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Dealing with Employees/terminated employee committed suicide


Hi, I am a 31 year old restaurant manager. I had a waiter with a good attitude who was just not very good at his job. He made many mistakes but would refuse to let me know so I could fix them. The management team discussed the situation and decided to give him one last chance to improve. I counseled him in mid December. On December 21st he made a major mistake and I made the decision to let him go at the end of the shift. I felt terrible about doing it so close to Christmas but was concerned abould what mistakes he would make in the mean time if I waited. I was going on vacation the next day and wanted to get it over with. He took it hard, and I wished I had waited until after Christmas. I found outon January 2nd through a former employee that the kid I fired killed himself on New Years Eve. I know there must have been many factors unrelated to losing a waiting job that led to his decision, but I am sure I didn't help matters. I never noticed any signs of depression from him, although in retrospect I should have. My personal guilt aside, I find myself having a hard time focusing at work and am skiddish a about disciplining my current staff. I always thought myself a sometimes strict but ultimately open and compassionate boss, but i guess I wasn't very compassionate after all. I don't know how to manage my staff if I am scared to fire anyone.

Hi Rachel,

Thanks for writing in. And I understand the immense amount of guilt you will undergo, which naturally impacts you in a long way. So let me be very clear about this:

It is NOT your fault.

Even if losing the job was the only reason. Even if your firing was NOT a good enough decision, it's not your fault.

How people respond to circumstances, situations, decisions - is completely their call and their responsibility. Sometimes the responses might be extremely sad. But it's their response. I am not judging whether his reaction is good or bad. Am just saying it's his choice, not yours.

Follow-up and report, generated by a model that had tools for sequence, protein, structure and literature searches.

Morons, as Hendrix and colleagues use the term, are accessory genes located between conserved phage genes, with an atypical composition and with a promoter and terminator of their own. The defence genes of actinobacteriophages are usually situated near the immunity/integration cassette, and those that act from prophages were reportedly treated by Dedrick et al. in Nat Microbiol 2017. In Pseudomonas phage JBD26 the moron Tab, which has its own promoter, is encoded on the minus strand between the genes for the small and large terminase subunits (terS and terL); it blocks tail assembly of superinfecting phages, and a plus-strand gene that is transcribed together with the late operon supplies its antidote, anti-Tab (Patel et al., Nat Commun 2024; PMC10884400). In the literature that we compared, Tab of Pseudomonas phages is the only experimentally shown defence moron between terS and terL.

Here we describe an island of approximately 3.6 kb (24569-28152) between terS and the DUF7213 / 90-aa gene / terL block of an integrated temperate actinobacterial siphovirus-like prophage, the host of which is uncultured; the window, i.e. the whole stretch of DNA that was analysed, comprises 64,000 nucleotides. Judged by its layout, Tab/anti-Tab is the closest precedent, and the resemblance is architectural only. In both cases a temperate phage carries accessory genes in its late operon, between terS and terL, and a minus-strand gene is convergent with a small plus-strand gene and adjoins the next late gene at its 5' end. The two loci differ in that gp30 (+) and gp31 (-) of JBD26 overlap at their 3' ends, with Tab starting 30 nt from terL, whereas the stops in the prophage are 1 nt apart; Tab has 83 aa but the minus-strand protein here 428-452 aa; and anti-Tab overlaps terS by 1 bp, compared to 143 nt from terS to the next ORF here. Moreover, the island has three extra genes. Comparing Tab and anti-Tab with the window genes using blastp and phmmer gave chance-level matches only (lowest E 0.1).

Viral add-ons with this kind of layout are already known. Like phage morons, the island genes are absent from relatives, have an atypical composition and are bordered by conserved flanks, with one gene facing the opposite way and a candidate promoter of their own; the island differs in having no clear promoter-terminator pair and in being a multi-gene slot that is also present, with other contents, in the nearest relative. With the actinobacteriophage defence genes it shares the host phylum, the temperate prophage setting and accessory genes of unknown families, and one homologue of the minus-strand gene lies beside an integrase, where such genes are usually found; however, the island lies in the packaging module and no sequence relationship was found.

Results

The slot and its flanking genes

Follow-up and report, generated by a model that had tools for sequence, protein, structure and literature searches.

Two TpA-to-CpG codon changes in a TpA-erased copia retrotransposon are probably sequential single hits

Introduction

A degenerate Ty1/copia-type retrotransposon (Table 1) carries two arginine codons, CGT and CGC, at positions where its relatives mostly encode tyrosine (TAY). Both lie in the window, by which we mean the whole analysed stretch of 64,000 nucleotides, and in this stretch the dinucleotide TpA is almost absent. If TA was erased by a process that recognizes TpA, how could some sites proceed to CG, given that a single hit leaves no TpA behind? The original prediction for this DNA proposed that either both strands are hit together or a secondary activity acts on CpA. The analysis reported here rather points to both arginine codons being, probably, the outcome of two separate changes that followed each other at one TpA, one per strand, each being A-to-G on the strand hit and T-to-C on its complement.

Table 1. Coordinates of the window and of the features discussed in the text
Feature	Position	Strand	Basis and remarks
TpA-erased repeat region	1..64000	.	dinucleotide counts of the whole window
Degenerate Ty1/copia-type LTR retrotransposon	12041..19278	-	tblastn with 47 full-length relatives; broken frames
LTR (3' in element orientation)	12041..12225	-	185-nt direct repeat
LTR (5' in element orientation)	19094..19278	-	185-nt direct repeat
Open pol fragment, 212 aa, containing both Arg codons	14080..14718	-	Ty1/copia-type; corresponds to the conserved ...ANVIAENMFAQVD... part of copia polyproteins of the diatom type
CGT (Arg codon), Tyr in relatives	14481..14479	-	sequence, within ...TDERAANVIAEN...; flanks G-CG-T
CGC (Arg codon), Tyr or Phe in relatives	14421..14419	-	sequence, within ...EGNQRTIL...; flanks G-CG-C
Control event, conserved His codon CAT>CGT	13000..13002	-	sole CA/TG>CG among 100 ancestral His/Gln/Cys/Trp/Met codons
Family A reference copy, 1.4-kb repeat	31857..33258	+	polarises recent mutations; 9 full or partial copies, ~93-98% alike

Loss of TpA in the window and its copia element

You can introspect on your decision of course, but not because of the nature of his response. They are not related. You are responsible for your decision, not his reaction to it. You might feel sad at his response too - but you are still not to BLAME for it.

When somebody's reaction to our action is so huge, it is easy to relate the two and see them as one. Hence OUR response is to blame our-self. But they are not one, but 3 different things: your decision(to fire), his response, and YOUR response(guilt). It's we who relate all of them.

But I hope my words don't just 'convince' you, but actually help see that it is has got nothing to do with you.

What do you do in future when such situations arise? Nothing different or special. Just SEE this situation as it really is. And things will fall in place. There will be clarity. Try to associate them and base your future actions on them, and there will be guilt, hence fear, hence utter confusion. That self-imposed guilt and confusion might make you take bad decisions. Not this sad situation. Work on coming out of the PRESENT guilt and self-blame. The future will take care of itself.

Strength to you and my condolences to his family.


Dealing with Employees

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Vijayraj Kamat


I can help you in getting a different perspective on any workplace issue. Getting a neutral, balanced perspective helps when you yourself are too frustrated, stressed out or cynical to form a sound opinion of your own or to separate the issue from the person. I will give you an unbiased, practical, opinion supported by sound reasoning when it comes to: - Dealing with a difficult boss - Dealing with a difficult subordinate - Dealing with uncooperative/demotivated team members - Learning to project your work and not just completing it - Negotiating for timelines In short, any workplace related problem thats is not specific to a specific industry. I am your 'agony aunt' column for work place woes! :-) I CANNOT give solutions to precise 'technical' problems. There is a separate section for that! Go there!


I have been in the offshoring/consulting industry for about 9+ years. The intensely competitive business coupled with the extremely challenging environments makes my learning much more than the average level. Plus people management has been my interest since childhood and I have done plenty of it right since my school days. Have researched, experimented a lot in this area as well. And I always think knowledge that comes out of interest and experience is much more useful than a college degree.

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- Bachelor in Computer Engineering - Certified Software Quality Analyst (CSQA)

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